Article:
UPDATE: Bergen County Freeholder Steve Tanelli tonight called on county Executive Kathleen Donovan and his own board to fully investigate a traffic stop of a fellow freeholder that ignited a battle between the county police and the sheriff’s office.
That includes obtaining the dash-cam videos from the police cruisers involved, Tanelli ( photo above ) said.
“I fully expect the County Police to release recordings and all documents … to the Freeholder Board for a thorough review and [to] make themselves available to answer questions,” he said.
NJ.com requested the BCPD video but said it was denied by Bergen County Public Safety Director Brian Higgins, the county police chief, who said it is “part of an ongong investigation into a series of incidents.”
“The video will not be released until it is an appropriate point in time,” Higgins said, according to the story ( SEE: Bergen County police decline to release video of freeholder’s traffic stop ).
This follows a June incident on the New Jersey Turnpike in which a State Police trooper said he was confronted by two BCPD officers he found in an unmarked vehicle on the highway.
“Our review shows that we can be proud of the way our officers reacted,” a State Police officer with direct knowledge of the incident told CLIFFVIEW PILOT . “We can’t say the same for the other guys.”
The recent flare-up began Monday, after CLIFFVIEW PILOT published excerpts from a report written by a Bergen County Sheriff’s officer who said a pair of county police officers “distracted and intimidated” him, asking a series of unnecessary questions about his job, after he stopped Freeholder Maura McMahon DeNicola for driving her husband’s car with an expired registration last week.
Soon after the stop, Officer Vicent Surace wrote, “a uniformed Bergen County Police Officer in a marked unit arrived on the scene.”
Moments later, he said, a plainclothed Bergen County Police supervisor arrived in an unmarked car.
“These units were not requested by me or Sheriffs Operations to assist,” Surace noted.
“As I was trying to attend to the motor vehicle stop and give my full attention to Ms. DeNicola’s safety, the Bergen County Police Officers were attempting to engage me in several conversations,” Surace wrote. “They asked if I was in the Patrol Division and/or part of the SOG (Special Operations Group) Team.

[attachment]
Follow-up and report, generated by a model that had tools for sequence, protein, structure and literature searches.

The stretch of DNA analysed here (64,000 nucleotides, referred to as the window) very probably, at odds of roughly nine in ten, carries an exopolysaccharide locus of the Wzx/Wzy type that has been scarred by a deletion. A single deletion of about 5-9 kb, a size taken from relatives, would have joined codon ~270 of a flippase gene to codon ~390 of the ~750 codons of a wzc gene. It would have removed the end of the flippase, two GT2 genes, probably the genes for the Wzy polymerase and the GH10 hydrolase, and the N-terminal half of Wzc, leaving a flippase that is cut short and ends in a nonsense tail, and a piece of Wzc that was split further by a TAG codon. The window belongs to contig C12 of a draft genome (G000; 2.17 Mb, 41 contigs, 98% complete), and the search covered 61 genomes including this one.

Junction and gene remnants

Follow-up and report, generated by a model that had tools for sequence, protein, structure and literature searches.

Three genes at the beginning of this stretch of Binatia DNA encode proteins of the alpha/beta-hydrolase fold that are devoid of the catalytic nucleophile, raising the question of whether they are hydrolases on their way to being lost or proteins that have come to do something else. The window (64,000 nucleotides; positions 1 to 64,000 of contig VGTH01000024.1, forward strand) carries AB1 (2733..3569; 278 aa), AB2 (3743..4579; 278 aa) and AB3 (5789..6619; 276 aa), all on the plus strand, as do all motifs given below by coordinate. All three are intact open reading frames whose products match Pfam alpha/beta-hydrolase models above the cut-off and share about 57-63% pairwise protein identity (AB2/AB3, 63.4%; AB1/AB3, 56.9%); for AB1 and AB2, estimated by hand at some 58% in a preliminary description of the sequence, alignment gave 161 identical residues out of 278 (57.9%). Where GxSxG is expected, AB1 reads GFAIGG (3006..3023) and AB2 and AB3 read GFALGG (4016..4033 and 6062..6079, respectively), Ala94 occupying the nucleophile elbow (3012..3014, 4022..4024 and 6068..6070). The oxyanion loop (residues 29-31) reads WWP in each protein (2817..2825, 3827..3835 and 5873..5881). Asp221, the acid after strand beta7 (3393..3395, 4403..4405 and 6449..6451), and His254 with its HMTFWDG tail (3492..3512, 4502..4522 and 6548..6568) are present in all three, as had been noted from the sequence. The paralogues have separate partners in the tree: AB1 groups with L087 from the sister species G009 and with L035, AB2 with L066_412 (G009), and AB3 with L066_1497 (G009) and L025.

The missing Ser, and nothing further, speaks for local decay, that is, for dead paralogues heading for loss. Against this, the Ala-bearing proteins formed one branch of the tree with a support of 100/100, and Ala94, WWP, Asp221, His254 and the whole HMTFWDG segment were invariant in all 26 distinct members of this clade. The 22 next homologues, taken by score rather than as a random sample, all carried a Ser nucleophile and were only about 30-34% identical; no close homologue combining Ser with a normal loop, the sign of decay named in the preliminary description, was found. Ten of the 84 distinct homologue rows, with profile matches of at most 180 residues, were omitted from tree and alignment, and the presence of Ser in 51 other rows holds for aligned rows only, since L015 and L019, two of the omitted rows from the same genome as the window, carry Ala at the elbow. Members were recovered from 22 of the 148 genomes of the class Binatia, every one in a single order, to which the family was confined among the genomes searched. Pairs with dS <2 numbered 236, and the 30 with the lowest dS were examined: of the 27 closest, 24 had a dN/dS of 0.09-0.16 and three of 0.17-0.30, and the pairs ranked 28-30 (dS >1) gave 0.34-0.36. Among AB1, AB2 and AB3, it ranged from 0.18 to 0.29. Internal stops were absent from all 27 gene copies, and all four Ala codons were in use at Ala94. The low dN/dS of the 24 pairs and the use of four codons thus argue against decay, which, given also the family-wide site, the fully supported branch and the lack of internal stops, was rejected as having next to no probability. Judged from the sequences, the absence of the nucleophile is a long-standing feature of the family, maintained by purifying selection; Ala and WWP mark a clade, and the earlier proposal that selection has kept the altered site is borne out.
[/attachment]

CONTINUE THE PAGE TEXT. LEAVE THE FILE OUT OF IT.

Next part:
“Neither of these conversations pertained to the motor vehicle stop,” Surace added, noting that he felt that he was “being intentionally distracted and intimidated by the Bergen County Police Officers.
“Instead of asking me if they could provide assistance to enhance the safety of the motorist or myself, they continued to ask questions about my job function(s) and engage me in unneccessary [unnecessary] conversation,” he said.
“This article does not reflect my experience,” DeNicola told CLIFFVIEW PILOT after being contacted. “I never identified myself as a freeholder, nor did I ask for or expect special treatment.
“I admit to the lapsed registration, which was immediately corrected. I did not summon County Police.
“Frankly, I am appalled that an officer of the law would use this to promote a political position, unless that was his agenda in the first place,” she said.
DeNicola, who is up for re-election on Nov. 5, recently reiterated her opposition to a plan favored by her Republican colleagues on the freeholder board to fold the county police department into the sheriff’s office.
Donovan, who has opposed a merger, appointed DeNicola to a committee that recommended against consolidation following a study.
Bergen County Sheriff Michael Saudino, who supports folding the county police into his agency, declined comment.
Higgins did not return calls, texts or emails from CLIFFVIEW PILOT .
“The county police were there because they thought the two sheriff’s officers there needed backup,” County Executive Kathleen Donovan’s chief of staff, Jeanne Baratta, told CLIFFVIEW PILOT . “You see it on the road all the time. They saw two cars there with a spotlight on, so they pulled up.”
Tanelli, a Democrat from North Arlington, said that the county police and sheriff’s office “can not continue on this current course and put public safety in Bergen County in jeopardy.
“Whether it be a routine traffic stop, an accident or a true emergency all first responders need to work cohesively….,” he added. “It is vital that personal opinion and outside distraction stay out of a the job.”
“[W]hen they are on the street performing the job that they are being paid to do, the taxpayers of Bergen County expect them to be professionals.”
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